David Brooks can drive me nuts. He often comes across–at least to me–as a pompous moralizer, convinced of his own superior wisdom. But then he’ll share a perceptive analysis of…people who believe in their own superior wisdom.
A recent column begins with a description that admittedly fits yours truly, beginning with our answer to the question “why do people still support Trump?”
We anti-Trumpers often tell a story to explain that. It was encapsulated in a quote the University of North Carolina political scientist Marc Hetherington gave to my colleague Thomas B. Edsall recently: “Republicans see a world changing around them uncomfortably fast, and they want it to slow down, maybe even take a step backward. But if you are a person of color, a woman who values gender equality or an L.G.B.T. person, would you want to go back to 1963? I doubt it.”
In this story, we anti-Trumpers are the good guys, the forces of progress and enlightenment. The Trumpers are reactionary bigots and authoritarians. Many Republicans support Trump no matter what, according to this story, because at the end of the day, he’s still the bigot in chief, the embodiment of their resentments and that’s what matters to them most.
Brooks admits that he “partly” agrees with this explanation (I certainly do)–but he also recognizes that it’s a monument to “elite self-satisfaction,” and asks readers to “try on a vantage point in which we anti-Trumpers are not the eternal good guys. In fact, we’re the bad guys.”
Brooks says this story began in the 60s, when boys who had graduated from high school found themselves in Viet Nam, while others got college deferments. It continued in the 1970s, when students were bused from working-class areas, but not from upscale communities where privileged folks lived.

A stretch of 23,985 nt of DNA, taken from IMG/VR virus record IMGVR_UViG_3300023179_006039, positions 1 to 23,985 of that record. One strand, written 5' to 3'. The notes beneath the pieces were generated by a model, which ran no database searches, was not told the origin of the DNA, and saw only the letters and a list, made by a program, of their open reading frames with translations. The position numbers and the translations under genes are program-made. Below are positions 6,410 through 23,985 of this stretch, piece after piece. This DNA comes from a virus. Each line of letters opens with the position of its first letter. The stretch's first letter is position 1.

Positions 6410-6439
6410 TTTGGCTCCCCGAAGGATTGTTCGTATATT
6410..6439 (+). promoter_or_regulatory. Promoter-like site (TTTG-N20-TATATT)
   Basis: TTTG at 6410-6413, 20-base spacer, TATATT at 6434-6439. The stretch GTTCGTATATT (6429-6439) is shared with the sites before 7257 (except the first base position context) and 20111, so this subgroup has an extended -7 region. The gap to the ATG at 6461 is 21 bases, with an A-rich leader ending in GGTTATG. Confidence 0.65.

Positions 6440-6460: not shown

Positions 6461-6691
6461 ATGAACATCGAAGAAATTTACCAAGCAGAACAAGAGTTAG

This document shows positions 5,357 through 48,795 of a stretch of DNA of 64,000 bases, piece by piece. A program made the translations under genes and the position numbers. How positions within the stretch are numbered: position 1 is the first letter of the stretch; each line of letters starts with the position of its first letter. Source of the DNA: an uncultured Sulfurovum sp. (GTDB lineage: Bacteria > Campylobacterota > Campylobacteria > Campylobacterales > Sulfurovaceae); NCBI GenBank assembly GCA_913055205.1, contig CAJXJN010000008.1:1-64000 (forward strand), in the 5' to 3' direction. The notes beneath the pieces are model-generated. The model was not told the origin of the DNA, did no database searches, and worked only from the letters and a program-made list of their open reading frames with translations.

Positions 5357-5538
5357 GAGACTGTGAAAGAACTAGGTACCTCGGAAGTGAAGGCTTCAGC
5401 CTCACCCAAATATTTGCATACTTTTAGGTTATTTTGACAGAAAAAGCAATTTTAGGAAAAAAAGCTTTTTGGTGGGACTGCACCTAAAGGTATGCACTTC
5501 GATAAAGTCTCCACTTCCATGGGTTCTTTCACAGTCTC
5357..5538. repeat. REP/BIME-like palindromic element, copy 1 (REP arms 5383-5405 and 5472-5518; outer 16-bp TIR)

Over time, Brooks says, we’ve replaced the idea that we’re all in this together with a system in which the educated class inhabits a world “up here,” and everybody else is “down there.” Members of the educated class may advocate for the marginalized, but as he observes, “somehow we always end up building systems that serve ourselves.”
The most important of those systems is the modern meritocracy. We built an entire social order that sorts and excludes people on the basis of the quality that we possess most: academic achievement. Highly educated parents go to elite schools, marry each other, work at high-paying professional jobs and pour enormous resources into our children, who get into the same elite schools, marry each other and pass their exclusive class privileges down from generation to generation.
Daniel Markovits summarized years of research in his book “The Meritocracy Trap”: “Today, middle-class children lose out to the rich children at school, and middle-class adults lose out to elite graduates at work. Meritocracy blocks the middle class from opportunity. Then it blames those who lose a competition for income and status that, even when everyone plays by the rules, only the rich can win.”
Brooks cites the journalism profession as an example, pointing to changes from when there were “crusty old working-class guys” in the newsroom, to today’s news staffs, dominated by graduates of elite colleges. (He ignores the dramatic shrinkage of journalism jobs thanks to America’s loss of newspapers, but his point is still valid.)
Like all elites, we use language and mores as tools to recognize one another and exclude others. Using words like “problematic,” “cisgender,” “Latinx” and “intersectional” is a sure sign that you’ve got cultural capital coming out of your ears. Meanwhile, members of the less-educated classes have to walk on eggshells because they never know when we’ve changed the usage rules so that something that was sayable five years ago now gets you fired.
Brooks offers a number of other examples, and says it should be easy to understand why people in less-educated classes would feel “that they are under economic, political, cultural and moral assault — and why they’ve rallied around Trump as their best warrior against the educated class.”
Those who see themselves under assault see the Trump indictments as part of that class war.
Are Trump supporters right that the indictments are just a political witch hunt? Of course not. As a card-carrying member of my class, I still basically trust the legal system and the neutral arbiters of justice. Trump is a monster in the way we’ve all been saying for years and deserves to go to prison….
We can condemn the Trumpian populists until the cows come home, but the real question is: When will we stop behaving in ways that make Trumpism inevitable?
It’s not that simple. There’s a great deal more to the story than Brooks’ analysis suggests.
But he isn’t wrong.